Senate Majority Leader Harry Reid is trying to use the tax cut package President Barack Obama brokered with Republicans to legalize online poker…Already, the online poker proposal has exposed the Nevada Democrat to charges of flip-flopping on a controversial issue, as well as using his Senate leadership position to repay big casino interests that helped him win reelection in a hard-fought campaign against Republican Sharron Angle last month.

My prediction: the debate on fiscal responsibility and the long-term problem of unfunded entitlements—at least on Pileus—is not approaching closure.

Any thoughts on the Obama-GOP tax agreement and its fiscal implications?

 

Read Full Post »

Taking up commenter Bill Bachofner’s challenge, I’m posting my personal solution to the federal deficit using that nifty tool at the NY Times. I ended all short- and long-term deficits with no tax increases (except reducing employers’ health insurance tax deduction) and without raising the Social Security retirement age. Here’s the link. Of course, much of this is politically infeasible right now.

Read Full Post »

Peter Beinart argues that

Over the last half-century, the Republican Party has been, at times, a genuinely anti-government party and, at times, a politically successful party. But it’s never been both at the same time. Once this fall’s elections are over, I suspect the Tea Partiers will begin learning that, the hard way.

If a post-election GOP House starts trying to cut spending, will voters punish them? Of course, as documented on this blog and others, there’s very little evidence that Republicans will want to take on federal spending in any serious way. Nevertheless, it’s difficult for libertarians to berate them for this failing if it’s essential to their political preservation. However, I think there’s a much stronger case that fiscal profligacy has undermined the Republicans in the medium term. A failed, expensive war and the image of hypocritical budget-busting & earmarking in the GOP Congresses of 2001-2006 helped doom the party to voter wrath. Now, in my view, reforming entitlements isn’t going to happen without a grand, bipartisan deal, so that neither party can take the lion’s share of the blame. But at the very least, a Republican majority should end earmarking and make serious efforts to defund unpopular programs, like the government takeover of health insurance, and programs that only benefit people who vote for them anyway, like ag subsidies.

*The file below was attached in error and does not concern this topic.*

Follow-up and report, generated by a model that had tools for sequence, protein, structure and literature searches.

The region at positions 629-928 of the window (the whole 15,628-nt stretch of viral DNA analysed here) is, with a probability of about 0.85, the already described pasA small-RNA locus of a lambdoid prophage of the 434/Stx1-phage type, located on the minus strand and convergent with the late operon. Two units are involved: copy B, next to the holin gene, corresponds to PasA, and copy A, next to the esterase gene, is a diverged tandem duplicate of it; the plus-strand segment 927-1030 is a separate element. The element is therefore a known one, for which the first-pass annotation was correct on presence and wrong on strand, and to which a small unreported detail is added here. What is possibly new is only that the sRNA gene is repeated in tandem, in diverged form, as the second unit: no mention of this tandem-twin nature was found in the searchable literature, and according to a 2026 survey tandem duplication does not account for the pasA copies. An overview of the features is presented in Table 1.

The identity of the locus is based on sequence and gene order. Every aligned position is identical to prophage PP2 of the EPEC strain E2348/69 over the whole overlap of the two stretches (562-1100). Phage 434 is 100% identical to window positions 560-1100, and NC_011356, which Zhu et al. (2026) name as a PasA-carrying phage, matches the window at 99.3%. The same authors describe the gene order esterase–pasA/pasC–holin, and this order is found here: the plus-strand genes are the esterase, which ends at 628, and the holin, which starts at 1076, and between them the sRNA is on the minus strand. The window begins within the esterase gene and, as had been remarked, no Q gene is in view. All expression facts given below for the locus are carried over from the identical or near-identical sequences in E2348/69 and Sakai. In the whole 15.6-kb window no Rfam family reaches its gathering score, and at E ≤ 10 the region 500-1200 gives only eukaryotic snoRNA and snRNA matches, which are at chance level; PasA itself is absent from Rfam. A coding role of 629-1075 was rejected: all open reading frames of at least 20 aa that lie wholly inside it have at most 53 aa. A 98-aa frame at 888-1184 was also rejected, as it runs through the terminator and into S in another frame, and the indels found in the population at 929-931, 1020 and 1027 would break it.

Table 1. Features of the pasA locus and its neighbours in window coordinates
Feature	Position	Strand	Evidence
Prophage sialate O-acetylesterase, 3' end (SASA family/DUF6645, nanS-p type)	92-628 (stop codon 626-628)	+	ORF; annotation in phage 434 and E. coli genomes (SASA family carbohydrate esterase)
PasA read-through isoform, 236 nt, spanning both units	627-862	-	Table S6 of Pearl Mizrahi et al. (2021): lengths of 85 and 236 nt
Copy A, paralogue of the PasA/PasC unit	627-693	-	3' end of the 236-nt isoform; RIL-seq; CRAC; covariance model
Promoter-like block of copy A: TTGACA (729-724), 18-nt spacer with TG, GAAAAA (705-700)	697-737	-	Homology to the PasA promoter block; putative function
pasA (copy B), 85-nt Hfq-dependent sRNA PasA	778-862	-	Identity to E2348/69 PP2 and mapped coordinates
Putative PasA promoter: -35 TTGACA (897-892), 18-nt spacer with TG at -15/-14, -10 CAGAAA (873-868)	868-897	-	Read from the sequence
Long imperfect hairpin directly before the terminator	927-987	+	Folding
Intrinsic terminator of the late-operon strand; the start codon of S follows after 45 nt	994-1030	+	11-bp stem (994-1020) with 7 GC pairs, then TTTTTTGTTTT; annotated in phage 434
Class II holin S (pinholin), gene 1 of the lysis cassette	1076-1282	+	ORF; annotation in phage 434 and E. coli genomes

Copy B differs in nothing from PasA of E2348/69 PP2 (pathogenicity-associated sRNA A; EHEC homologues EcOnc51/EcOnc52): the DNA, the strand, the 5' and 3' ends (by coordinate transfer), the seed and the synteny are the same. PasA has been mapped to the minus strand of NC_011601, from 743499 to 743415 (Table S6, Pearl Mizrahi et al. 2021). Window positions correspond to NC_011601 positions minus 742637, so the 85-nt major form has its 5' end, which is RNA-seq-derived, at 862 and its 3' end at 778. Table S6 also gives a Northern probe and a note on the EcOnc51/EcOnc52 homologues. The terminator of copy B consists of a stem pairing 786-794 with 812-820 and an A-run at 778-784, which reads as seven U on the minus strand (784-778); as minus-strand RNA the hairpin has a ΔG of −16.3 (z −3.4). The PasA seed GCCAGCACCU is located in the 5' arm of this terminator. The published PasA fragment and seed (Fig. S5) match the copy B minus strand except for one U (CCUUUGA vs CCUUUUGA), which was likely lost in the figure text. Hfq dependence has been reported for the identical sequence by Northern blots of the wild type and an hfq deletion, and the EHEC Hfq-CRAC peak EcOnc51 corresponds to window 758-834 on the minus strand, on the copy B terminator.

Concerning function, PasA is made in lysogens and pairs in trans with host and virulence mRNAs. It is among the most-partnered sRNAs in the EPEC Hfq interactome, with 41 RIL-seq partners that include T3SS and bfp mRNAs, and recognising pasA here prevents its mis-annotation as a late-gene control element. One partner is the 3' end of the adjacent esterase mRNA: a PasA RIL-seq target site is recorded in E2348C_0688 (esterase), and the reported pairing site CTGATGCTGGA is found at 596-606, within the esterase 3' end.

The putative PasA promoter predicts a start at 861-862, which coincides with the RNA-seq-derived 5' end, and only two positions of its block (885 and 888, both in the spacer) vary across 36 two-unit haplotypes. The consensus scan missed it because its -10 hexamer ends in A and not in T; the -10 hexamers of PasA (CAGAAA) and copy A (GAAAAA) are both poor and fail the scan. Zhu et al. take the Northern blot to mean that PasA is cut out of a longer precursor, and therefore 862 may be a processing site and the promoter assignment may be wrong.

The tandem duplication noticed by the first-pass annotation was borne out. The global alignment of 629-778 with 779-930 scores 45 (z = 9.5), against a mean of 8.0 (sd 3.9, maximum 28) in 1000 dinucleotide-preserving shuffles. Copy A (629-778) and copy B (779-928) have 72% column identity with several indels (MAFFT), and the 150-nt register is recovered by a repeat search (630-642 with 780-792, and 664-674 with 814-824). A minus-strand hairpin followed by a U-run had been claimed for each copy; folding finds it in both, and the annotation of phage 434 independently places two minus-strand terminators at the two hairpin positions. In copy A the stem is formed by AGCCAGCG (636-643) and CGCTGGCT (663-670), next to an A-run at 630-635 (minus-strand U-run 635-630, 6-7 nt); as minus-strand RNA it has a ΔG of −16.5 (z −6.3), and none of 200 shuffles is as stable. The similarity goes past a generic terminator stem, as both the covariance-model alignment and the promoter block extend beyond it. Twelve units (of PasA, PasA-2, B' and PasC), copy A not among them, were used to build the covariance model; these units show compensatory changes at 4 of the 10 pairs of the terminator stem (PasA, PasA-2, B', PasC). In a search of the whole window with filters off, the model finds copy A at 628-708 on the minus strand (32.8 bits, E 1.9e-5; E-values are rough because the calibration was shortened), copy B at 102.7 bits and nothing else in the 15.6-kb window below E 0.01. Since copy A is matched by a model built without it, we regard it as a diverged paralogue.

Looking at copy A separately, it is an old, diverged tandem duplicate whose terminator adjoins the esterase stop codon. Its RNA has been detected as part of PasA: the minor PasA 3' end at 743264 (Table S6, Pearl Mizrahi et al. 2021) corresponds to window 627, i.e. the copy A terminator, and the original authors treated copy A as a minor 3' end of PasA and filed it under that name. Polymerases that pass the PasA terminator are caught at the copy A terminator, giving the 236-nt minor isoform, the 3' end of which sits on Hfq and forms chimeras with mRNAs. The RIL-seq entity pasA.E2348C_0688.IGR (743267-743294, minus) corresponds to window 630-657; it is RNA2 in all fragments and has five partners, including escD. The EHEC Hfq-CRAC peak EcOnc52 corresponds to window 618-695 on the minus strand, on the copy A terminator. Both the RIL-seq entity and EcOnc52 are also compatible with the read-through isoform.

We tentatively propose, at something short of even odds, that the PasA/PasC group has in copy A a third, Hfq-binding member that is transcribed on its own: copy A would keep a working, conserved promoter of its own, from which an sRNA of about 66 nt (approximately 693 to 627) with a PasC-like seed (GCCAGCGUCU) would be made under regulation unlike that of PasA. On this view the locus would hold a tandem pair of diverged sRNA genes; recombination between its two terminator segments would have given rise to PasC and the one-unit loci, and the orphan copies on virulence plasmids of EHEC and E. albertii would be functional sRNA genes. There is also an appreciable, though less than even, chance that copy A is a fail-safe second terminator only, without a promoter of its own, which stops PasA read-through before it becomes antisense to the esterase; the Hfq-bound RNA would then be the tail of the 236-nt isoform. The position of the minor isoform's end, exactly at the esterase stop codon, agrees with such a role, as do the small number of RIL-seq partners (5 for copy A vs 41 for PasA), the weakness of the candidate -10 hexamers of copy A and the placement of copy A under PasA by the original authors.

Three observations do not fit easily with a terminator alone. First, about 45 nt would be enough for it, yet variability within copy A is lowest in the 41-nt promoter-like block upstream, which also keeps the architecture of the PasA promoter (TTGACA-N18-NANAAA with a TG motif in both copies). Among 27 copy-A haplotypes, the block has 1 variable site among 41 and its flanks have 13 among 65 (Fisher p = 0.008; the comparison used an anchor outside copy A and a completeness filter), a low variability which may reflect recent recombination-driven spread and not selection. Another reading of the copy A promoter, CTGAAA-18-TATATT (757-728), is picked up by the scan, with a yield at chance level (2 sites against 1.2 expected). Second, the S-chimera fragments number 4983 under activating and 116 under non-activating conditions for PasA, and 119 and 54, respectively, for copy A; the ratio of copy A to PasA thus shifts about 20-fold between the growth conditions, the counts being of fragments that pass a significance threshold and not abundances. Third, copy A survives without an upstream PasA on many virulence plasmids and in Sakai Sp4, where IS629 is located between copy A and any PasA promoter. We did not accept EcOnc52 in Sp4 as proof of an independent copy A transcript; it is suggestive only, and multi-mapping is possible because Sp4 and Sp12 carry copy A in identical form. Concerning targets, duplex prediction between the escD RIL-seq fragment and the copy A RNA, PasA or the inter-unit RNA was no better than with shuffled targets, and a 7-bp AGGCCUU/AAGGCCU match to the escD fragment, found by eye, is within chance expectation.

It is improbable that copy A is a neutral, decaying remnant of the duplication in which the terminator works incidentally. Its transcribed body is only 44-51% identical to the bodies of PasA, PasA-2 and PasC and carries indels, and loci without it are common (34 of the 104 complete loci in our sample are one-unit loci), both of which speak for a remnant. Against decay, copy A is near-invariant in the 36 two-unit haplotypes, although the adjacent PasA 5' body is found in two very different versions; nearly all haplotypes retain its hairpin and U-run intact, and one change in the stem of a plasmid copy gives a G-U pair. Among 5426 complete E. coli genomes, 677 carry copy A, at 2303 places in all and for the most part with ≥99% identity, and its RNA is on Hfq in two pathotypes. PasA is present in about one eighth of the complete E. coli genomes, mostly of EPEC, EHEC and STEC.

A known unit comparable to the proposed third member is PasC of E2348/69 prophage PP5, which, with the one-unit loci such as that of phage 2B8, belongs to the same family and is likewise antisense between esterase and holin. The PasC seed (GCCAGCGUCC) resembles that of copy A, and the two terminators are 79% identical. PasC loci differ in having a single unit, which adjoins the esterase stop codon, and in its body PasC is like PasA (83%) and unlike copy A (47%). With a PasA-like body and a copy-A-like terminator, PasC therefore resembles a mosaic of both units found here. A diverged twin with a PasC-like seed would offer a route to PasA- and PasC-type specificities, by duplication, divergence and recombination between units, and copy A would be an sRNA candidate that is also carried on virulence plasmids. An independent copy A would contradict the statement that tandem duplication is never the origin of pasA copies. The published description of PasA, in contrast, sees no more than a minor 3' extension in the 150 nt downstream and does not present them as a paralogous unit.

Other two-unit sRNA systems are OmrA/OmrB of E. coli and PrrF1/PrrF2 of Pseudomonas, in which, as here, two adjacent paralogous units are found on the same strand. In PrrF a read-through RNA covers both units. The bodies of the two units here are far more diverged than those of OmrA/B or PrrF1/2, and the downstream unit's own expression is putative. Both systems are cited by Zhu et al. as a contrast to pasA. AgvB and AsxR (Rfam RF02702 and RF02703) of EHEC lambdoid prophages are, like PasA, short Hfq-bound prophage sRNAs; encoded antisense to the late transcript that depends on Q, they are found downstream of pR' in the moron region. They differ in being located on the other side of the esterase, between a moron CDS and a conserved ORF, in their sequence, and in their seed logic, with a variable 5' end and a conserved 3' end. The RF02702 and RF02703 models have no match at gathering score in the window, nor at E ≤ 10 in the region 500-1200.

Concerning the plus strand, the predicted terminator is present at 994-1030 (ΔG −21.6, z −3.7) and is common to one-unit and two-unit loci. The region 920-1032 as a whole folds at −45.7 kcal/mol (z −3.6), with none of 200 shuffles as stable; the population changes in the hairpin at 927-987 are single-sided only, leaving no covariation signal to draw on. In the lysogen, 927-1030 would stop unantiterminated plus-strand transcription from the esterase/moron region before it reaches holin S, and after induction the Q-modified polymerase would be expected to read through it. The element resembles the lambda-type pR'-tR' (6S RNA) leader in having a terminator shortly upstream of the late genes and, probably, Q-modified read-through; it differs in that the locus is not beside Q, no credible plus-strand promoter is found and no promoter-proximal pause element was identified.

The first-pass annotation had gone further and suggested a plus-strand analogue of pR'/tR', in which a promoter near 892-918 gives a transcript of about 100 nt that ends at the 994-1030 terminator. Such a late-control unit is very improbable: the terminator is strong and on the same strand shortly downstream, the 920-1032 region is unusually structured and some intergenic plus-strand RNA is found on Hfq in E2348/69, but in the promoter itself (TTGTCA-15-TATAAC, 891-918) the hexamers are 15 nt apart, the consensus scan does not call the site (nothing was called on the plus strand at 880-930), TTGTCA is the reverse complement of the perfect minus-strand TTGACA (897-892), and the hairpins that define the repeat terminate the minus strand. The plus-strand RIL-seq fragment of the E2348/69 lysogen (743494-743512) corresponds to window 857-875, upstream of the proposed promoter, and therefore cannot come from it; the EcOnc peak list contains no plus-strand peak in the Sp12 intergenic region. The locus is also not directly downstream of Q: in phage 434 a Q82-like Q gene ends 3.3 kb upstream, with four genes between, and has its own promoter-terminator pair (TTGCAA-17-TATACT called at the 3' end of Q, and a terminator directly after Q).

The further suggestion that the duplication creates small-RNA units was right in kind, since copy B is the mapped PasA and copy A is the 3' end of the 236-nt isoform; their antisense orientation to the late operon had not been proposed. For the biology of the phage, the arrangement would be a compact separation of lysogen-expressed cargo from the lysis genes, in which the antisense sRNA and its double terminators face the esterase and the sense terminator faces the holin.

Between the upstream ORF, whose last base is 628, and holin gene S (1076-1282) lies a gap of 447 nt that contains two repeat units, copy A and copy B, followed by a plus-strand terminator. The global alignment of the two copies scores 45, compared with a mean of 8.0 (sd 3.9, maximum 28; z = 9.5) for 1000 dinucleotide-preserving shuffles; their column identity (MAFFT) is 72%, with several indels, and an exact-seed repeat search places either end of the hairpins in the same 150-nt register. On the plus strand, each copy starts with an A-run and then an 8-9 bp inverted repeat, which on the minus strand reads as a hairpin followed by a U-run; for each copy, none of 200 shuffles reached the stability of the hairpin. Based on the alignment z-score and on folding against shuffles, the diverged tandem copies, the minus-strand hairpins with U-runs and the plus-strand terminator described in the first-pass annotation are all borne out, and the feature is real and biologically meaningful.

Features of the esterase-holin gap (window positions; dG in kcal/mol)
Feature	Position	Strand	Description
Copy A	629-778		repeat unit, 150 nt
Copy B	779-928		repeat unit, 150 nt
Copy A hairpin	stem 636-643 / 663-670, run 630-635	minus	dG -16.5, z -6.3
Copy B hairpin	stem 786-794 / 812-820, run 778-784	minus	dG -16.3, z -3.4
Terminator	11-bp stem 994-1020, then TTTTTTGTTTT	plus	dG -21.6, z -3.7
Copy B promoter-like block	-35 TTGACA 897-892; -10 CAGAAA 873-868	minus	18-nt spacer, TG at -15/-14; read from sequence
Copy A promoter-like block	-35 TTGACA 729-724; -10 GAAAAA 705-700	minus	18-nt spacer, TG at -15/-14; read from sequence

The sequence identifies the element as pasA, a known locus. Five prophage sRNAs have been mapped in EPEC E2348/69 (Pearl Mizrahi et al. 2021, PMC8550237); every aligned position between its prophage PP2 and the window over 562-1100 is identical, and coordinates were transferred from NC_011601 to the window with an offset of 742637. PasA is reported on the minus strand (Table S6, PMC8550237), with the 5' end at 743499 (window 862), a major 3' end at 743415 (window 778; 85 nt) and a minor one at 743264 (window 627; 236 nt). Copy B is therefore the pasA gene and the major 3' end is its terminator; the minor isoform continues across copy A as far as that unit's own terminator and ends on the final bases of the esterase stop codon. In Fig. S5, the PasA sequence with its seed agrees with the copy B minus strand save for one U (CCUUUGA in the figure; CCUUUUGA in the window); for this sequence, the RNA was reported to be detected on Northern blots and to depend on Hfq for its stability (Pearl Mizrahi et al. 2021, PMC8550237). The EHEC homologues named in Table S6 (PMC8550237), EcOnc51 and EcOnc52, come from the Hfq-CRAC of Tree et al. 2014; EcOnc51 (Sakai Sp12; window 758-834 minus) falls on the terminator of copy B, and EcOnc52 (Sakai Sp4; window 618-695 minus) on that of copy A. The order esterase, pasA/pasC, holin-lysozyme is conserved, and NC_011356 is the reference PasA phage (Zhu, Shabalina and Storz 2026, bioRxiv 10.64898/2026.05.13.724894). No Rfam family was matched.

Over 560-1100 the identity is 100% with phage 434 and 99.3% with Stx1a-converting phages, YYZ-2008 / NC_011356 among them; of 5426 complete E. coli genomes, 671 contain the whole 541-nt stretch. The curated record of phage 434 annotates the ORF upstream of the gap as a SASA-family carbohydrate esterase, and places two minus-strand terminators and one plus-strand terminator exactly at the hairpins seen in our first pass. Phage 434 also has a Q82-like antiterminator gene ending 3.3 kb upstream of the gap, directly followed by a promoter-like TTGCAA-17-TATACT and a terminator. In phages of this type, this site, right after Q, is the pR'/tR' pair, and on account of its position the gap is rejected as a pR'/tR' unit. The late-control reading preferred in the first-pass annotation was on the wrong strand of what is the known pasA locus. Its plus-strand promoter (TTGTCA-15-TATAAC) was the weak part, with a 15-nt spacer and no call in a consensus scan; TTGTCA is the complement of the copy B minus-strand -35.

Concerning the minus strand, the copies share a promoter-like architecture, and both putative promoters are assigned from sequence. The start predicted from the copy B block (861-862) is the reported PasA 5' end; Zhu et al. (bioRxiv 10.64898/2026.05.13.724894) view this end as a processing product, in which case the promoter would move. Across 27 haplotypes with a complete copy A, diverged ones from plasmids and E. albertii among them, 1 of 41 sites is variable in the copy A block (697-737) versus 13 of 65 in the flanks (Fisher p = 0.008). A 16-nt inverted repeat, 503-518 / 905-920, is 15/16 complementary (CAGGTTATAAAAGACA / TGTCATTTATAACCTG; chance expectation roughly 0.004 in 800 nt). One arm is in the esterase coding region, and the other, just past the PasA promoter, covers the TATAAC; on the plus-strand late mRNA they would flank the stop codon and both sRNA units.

Read Full Post »

Older Posts »

Follow

Get every new post delivered to your Inbox.

Join 1,024 other followers

%d bloggers like this: